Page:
Dana Holland was imprisoned for 10 years for two crimes that occurred two weeks apart in 1993 on the south side of Chicago. One of the crimes was a rape, of which Holland was absolved by DNA in January 2003. The other crime was a robbery and attempted murder, for which he became a suspect as a result of the rape investigation. Holland was exonerated for that crime in June 2003.
On February 22, 1993, Chicago police were summoned to the call of a woman screaming in an alley near 79th Street and Wolcott Avenue on the city’s South Side. When officers arrived, they saw a partially-clad woman emerge screaming from a car and a man run away.
Police followed the man’s footprints in the snow to an apartment building where they saw Dana Holland, 25, putting pair of pants into the trash. Inside Holland’s apartment, they found a wet pair of gym shoes with a sole that appeared to match the prints in the snow.
At first the victim, 22-year-old Dionne Stanley, did not identify Holland, but after several minutes of discussion with police, she said Holland was her attacker and he was charged with three counts of sexual assault.
Police impounded the car and found another woman’s identification inside. When police found that woman, Ella Wembley, she said that two weeks before, on February 8, 1993, she had been picked up by two men who tried to assault her and slash her with a box cutter before she managed to flee.
Wembley identified her attackers as Holland and his uncle, Gordon Bolden. Both were charged with attempted murder.
In February 1995, Bolden and Holland waived a jury trial on the attempted murder charge and went on trial. Bolden did not testify, but Holland did, claiming that he was innocent and that the crime was committed by Bolden and someone else.
Cook County Circuit Court Judge David Erickson acquitted Bolden and convicted Holland. In March 1995, Erickson sentenced Holland to 28 years in prison.
In 1995, Chicago police crime lab analyst Pamela Fish was assigned to test biological evidence in the Stanley case and reported that she could not obtain a DNA profile because there was insufficient material to test.
In April 1997, Holland again waived a jury and went to trial on the rape charges before Cook County Circuit Court Judge Themis Karnezis. Although Stanley at first balked at identifying Holland, she ultimately identified him in court as her attacker.
Holland was convicted and sentenced to three terms of 30 years in prison, to be served consecutively and after he completed his 28-year term in the other case.
In July, 2002, after Holland wrote to the Center on Wrongful Convictions at Northwestern University School of Law, attorney Karen Daniel filed a petition for DNA testing.
On September 23, 2002, testing on the biological evidence from the Stanley rape by Orchid Cellmark revealed a DNA profile that was not Holland’s. The fact that Cellmark had sufficient evidence to test while Fish said that testing was not possible raised questions about Fish—whose errors and misstatements also contributed to several other wrongful convictions. Ultimately, Fish, who later worked for the Illinois State police crime lab, resigned.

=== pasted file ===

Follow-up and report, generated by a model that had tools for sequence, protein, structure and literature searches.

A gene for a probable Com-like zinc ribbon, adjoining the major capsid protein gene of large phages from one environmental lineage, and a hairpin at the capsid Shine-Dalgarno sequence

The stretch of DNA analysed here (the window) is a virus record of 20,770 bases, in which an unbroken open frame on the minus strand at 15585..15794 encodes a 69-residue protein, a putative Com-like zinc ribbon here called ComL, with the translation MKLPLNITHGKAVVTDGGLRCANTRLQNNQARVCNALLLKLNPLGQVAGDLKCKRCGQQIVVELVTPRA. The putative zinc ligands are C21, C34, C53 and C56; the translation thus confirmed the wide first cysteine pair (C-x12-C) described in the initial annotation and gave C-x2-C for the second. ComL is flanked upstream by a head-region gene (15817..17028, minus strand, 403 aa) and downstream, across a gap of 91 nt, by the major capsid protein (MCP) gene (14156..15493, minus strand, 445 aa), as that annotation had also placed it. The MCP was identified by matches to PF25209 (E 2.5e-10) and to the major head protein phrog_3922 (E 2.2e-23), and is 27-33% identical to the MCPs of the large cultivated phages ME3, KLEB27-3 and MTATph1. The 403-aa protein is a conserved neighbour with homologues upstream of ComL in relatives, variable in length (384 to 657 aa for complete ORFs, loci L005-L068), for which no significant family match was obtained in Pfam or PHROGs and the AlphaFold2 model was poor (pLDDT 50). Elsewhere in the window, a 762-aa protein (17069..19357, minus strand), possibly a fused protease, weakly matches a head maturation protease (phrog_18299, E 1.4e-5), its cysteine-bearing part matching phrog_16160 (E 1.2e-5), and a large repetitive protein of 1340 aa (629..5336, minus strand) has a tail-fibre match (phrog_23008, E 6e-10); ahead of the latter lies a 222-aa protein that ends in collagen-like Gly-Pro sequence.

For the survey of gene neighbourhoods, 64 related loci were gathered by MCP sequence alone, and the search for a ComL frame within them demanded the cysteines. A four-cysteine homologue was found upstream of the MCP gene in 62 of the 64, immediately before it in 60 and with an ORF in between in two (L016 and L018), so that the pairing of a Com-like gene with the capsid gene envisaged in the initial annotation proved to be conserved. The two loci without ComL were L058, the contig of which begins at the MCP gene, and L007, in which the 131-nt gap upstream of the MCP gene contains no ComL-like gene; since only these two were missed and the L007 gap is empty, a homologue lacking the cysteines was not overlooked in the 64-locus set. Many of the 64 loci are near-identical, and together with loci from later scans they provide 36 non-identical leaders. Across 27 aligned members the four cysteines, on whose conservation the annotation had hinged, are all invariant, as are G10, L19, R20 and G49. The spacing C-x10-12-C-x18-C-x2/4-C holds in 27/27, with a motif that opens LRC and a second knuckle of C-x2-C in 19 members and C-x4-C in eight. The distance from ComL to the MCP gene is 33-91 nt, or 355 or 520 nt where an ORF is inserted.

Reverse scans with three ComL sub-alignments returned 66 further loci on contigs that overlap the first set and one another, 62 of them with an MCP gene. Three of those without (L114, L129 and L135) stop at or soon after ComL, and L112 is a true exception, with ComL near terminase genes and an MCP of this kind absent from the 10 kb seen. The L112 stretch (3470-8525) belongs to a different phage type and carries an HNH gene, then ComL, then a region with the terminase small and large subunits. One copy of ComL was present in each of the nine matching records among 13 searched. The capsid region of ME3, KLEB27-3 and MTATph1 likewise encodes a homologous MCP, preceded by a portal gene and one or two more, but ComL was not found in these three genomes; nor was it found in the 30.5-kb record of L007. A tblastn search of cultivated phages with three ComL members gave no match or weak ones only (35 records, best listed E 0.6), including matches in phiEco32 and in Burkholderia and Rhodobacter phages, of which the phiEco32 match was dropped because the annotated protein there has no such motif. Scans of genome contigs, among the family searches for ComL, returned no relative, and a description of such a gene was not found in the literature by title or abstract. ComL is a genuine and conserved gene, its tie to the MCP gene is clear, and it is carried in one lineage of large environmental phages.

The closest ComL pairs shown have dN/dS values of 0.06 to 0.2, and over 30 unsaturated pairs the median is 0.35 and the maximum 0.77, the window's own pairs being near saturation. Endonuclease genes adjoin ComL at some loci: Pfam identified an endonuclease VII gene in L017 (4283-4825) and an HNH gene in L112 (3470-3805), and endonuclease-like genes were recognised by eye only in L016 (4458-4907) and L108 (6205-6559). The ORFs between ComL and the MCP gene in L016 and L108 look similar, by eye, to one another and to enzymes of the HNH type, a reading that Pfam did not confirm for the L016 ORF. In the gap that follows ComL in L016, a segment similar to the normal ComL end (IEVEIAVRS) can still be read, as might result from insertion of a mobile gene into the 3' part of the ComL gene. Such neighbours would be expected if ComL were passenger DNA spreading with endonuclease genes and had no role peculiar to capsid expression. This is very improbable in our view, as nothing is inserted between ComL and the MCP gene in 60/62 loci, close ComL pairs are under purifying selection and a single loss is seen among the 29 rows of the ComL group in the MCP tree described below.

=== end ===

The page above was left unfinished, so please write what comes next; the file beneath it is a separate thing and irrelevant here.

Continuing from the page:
On November 8, 2002, Bolden, who had been acquitted, provided a sworn affidavit saying that he had been the driver and another man—not Holland—had been involved in the February 22, 1993 attack on Wembley.
Further DNA testing linked Bolden to that attack.
On January 30, 2003, Holland’s conviction in the Stanley rape case was vacated and the charges were dismissed.
On February 11, 2003, Holland’s conviction in the attack on Wembley on February 8, 1993, case was vacated. The defense then filed a motion to suppress Wembley's identification of Holland, given that it stemmed from Holland's arrest for the rape that DNA had proved he did not commit. At an April hearing on the motion, Stanley recanted her identification of Holland, saying she had not wanted to testify against him, and only did so after being arrested and held as a material witness. She also said that the prosecutor had pressured her to identify Holland by falsely claiming that DNA evidence had already linked him to that crime and to other rapes. The judge did not believe the recantation and denied the motion.
Holland went on trial on June 4, 2003 and was acquitted by a judge hearing the case without a jury.
On May 5, 2003, the Illinois Court of Claims awarded Holland $138,000. Holland filed a civil wrongful conviction lawsuit, but in November 2009, a federal judge found in favor of the police officers, saying they had not acted with malice.
After Holland was released and at his behest, Northwestern University School of Law's Center on Wrongful Convictions investigated the case of a fellow inmate named Christopher Coleman
. That investigation culminated with Coleman's exoneration in March 2014.
– Maurice Possley